01
Jan
10

The Enthusiasm of a 4-year-old

We have family stationed in Japan with the military, and they’ve just asked us if we’d like to meet in Korea for a vacation together. Our son heard us talking about it over dinner and his response, “Yes! I want to go to Korea. Let’s go now!”

I love his enthusiasm. He’s like his mom–passionate about the things he’s interested in. So now we’re looking at a trip to Korea sometime in the next 18 months or so. Since bringing our son home, we’d planned on returning to Korea several times throughout his childhood. We can hardly wait to show J the country that is his by birth. But it will also be fun to share the country with our relatives.

We tried to explain to J that the trip wouldn’t happen anytime soon; that these trips take planning and saving. But those concepts are hard to grasp as a 4-year-old. His response to our “later” speech was: “OK, I’ll go to sleep ad when I wake up we can go.” Boy, don’t we wish it were that easy.

J is passionate about Korean things. He knows he’s Korean and recently explained to us that he’s the only Korean in our family, emphasizing that Dad and I aren’t Korean. There was no sadness connected to the thought (although I know there might be in the future); it was just a matter of fact. He loves Korean food (his favorite restaurants are “the Korean restaurant and Chick-fil-A”) and is very excited about the Korean dining table we recently found at a thrift store. J wants to learn to say more things in Korean and someday wants to “break boards” (tae kwon do).

I love his pride in his Koreaness. I hear so many stories about adopted kids this age who just aren’t interested in Korea or Korean things. And I wonder what makes J different. Is it just his nature? Is it how we’ve chosen to parent him (including Korean things in our daily lives)? Is it a little bit of both?

We’ve never thought the parenting strategy of “we’ll do Korean things someday, if my kids are interested” would be in our son’s best interest. After all, if we as parents don’t introduce things into our children’s lives, how will they ever become interested? I don’t believe my son would love basketball the way he does, if we’d never given him a basketball to play with or took to watch a game. Likewise, I believe at least part of his Korean pride comes from the fact that Korea has been presented to him almost daily in a positive light.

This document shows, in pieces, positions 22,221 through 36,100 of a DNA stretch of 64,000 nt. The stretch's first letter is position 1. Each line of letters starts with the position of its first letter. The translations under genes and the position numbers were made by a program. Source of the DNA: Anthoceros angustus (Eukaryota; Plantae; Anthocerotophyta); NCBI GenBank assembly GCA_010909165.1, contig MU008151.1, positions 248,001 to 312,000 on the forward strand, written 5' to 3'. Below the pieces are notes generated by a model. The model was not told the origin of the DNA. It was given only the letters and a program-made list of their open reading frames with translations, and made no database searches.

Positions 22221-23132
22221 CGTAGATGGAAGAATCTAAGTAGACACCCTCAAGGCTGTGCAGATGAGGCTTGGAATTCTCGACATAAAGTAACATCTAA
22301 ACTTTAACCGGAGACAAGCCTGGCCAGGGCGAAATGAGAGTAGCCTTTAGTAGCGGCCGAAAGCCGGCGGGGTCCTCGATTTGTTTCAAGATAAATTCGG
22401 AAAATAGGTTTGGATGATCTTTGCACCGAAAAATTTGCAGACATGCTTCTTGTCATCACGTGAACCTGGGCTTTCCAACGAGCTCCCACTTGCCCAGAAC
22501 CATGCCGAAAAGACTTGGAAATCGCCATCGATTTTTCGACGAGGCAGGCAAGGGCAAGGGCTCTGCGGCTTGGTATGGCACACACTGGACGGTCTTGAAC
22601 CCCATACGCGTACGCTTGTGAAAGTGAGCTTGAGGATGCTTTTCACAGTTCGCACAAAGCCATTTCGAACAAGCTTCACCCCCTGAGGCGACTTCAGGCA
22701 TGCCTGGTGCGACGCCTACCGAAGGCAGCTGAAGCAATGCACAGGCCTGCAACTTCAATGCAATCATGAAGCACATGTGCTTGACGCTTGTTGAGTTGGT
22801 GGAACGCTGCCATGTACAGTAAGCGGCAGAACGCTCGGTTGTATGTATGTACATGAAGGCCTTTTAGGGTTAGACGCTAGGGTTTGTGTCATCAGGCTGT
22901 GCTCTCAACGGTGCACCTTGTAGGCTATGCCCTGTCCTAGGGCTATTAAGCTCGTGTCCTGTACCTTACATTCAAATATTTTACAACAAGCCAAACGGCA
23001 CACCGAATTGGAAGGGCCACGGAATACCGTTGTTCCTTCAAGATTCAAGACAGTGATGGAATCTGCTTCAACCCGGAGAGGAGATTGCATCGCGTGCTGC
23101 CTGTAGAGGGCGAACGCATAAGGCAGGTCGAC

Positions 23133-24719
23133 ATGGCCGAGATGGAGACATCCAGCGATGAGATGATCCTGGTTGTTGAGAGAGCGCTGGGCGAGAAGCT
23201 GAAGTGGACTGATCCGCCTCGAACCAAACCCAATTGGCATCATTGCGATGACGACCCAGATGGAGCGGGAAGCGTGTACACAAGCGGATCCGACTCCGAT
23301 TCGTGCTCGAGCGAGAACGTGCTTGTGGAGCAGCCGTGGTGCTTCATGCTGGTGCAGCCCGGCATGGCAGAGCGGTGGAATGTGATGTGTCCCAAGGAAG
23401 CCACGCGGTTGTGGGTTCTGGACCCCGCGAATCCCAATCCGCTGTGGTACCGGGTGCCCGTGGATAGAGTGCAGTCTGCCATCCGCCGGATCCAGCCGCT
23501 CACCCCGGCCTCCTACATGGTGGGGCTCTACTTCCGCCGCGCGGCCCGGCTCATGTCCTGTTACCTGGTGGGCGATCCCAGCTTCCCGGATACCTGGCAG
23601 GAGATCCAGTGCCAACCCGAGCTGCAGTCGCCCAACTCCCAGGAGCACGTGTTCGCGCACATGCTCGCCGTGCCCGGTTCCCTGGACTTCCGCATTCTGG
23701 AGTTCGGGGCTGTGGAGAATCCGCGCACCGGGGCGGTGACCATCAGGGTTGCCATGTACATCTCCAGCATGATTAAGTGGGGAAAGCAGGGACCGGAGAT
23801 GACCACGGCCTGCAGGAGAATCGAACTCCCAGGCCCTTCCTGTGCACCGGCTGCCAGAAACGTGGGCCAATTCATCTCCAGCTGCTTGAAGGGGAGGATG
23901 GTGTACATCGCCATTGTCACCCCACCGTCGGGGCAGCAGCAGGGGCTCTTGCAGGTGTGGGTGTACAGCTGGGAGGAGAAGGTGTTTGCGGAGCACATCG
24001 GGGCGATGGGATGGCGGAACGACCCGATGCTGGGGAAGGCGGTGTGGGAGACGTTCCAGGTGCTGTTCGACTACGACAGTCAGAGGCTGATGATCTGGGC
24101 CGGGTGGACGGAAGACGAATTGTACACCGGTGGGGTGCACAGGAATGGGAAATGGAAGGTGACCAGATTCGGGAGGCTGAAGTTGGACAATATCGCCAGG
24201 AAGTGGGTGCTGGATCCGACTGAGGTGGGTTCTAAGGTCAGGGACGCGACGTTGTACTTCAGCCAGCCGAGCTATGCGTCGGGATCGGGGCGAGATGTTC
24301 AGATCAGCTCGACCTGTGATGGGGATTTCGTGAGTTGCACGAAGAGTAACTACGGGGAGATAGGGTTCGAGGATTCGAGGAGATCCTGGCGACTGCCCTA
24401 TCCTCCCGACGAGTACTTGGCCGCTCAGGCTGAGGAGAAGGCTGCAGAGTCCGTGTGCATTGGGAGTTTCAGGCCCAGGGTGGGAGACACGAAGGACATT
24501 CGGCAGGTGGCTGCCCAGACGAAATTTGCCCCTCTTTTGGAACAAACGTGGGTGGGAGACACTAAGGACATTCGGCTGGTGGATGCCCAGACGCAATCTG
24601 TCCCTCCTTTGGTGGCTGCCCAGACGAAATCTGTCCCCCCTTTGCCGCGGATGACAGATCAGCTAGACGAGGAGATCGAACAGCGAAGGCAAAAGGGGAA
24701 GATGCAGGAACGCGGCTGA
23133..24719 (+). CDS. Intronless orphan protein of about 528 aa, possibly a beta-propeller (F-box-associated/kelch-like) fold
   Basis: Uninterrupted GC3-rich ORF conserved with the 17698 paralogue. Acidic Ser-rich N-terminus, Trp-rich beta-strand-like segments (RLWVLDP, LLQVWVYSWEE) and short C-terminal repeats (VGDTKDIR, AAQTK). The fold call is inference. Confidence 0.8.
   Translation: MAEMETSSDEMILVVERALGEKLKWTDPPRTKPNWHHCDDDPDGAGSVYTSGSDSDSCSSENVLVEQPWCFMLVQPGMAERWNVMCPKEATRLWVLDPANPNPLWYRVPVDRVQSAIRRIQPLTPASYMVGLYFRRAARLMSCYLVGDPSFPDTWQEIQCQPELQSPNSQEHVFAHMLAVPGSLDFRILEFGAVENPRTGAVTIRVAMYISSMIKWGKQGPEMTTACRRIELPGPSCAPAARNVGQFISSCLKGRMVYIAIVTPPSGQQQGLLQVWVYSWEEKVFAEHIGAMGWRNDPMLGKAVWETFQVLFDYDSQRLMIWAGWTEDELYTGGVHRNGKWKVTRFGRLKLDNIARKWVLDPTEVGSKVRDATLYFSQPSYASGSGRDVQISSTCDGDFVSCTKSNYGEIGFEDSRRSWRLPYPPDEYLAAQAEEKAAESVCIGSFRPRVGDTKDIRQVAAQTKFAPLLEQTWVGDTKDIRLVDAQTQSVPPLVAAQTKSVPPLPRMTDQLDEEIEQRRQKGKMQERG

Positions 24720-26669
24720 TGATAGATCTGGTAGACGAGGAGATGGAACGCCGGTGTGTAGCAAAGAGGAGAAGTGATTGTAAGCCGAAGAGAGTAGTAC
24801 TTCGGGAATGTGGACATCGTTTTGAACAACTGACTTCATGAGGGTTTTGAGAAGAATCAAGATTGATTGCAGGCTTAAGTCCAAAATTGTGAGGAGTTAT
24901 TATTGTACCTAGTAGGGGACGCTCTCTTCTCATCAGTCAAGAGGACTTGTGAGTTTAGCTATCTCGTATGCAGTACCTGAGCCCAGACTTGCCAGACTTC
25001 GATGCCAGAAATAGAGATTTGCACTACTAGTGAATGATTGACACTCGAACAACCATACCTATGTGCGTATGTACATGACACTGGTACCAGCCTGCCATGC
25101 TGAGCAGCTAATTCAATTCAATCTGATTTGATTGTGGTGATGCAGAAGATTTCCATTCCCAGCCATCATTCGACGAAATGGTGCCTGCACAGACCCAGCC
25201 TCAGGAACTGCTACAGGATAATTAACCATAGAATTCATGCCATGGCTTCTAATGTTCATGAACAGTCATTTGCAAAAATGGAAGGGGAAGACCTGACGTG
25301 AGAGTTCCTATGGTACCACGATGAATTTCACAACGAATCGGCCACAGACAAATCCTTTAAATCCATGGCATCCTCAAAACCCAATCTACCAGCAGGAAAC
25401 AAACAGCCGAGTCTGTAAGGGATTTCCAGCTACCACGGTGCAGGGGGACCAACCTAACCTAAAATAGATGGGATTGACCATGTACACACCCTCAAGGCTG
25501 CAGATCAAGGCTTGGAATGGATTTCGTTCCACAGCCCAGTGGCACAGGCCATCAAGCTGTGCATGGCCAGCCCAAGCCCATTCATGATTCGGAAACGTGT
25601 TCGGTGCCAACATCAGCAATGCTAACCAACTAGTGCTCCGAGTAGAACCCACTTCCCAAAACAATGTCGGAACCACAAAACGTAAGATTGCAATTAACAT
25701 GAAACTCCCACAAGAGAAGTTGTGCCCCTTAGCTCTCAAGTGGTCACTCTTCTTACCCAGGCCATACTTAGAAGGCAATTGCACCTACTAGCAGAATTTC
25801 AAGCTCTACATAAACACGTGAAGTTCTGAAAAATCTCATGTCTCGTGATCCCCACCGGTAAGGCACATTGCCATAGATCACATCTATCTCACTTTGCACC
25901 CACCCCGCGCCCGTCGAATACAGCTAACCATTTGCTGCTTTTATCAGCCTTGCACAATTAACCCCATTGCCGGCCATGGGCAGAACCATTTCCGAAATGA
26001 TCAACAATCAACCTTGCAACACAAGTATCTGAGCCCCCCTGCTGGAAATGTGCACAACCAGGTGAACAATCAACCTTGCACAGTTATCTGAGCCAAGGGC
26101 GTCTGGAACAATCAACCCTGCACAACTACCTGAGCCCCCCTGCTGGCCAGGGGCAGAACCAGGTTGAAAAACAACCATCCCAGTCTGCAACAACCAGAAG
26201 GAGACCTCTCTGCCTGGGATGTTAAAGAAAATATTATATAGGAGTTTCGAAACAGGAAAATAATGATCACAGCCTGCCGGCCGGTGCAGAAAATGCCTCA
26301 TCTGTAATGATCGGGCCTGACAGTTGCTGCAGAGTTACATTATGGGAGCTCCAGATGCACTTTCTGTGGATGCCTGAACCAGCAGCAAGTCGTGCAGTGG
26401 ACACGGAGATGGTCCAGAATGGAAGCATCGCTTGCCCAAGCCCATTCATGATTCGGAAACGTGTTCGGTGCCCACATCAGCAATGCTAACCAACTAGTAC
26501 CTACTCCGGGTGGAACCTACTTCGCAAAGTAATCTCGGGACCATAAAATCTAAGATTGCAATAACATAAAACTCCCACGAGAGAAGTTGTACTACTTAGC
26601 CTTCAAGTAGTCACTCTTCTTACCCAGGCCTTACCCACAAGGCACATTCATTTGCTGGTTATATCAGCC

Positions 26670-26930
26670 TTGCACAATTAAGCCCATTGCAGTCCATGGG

But on the flip side, I realize that just giving a kid a basketball doesn’t guarantee that he’ll love the game. That’s where I think J’s enthusiasm for Korean things is partly just who he is. But the fact is when he came home as an infant, we had no idea if he’d be interested in Korean things or not. We just decide to parent him in what we felt was the best way when it came to his birth country and culture.

Does talk about Korea and Korean things fill our day? No. Our days are filled with learning the English alphabet, playing basketball, cooking, and so much more. But we include mentions of Korean things often in our regular conversations. And as a result, I feel that we’ve been laying a foundation that will help him as he begins the hard work of developing his own identity in a few years.

I hope is that J is always this passionate about his Koreaness. But realistically I know that his feelings about Korea and his ethnicity will probably ebb and flow throughout his childhood. And someday, when he’s older, we’ll know whether our choices were the right ones. In the meantime, we’ll plug along doing what we believe is best for our son.


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My Korean Culture Blog

Just a reminder that if you want to learn more about Korean culture (both traditional and pop culture), language resources, and cooking, check out my other blog: thekoreanway.wordpress.com It's filled with resources for adoptive families or anyone interested in Korean culture.

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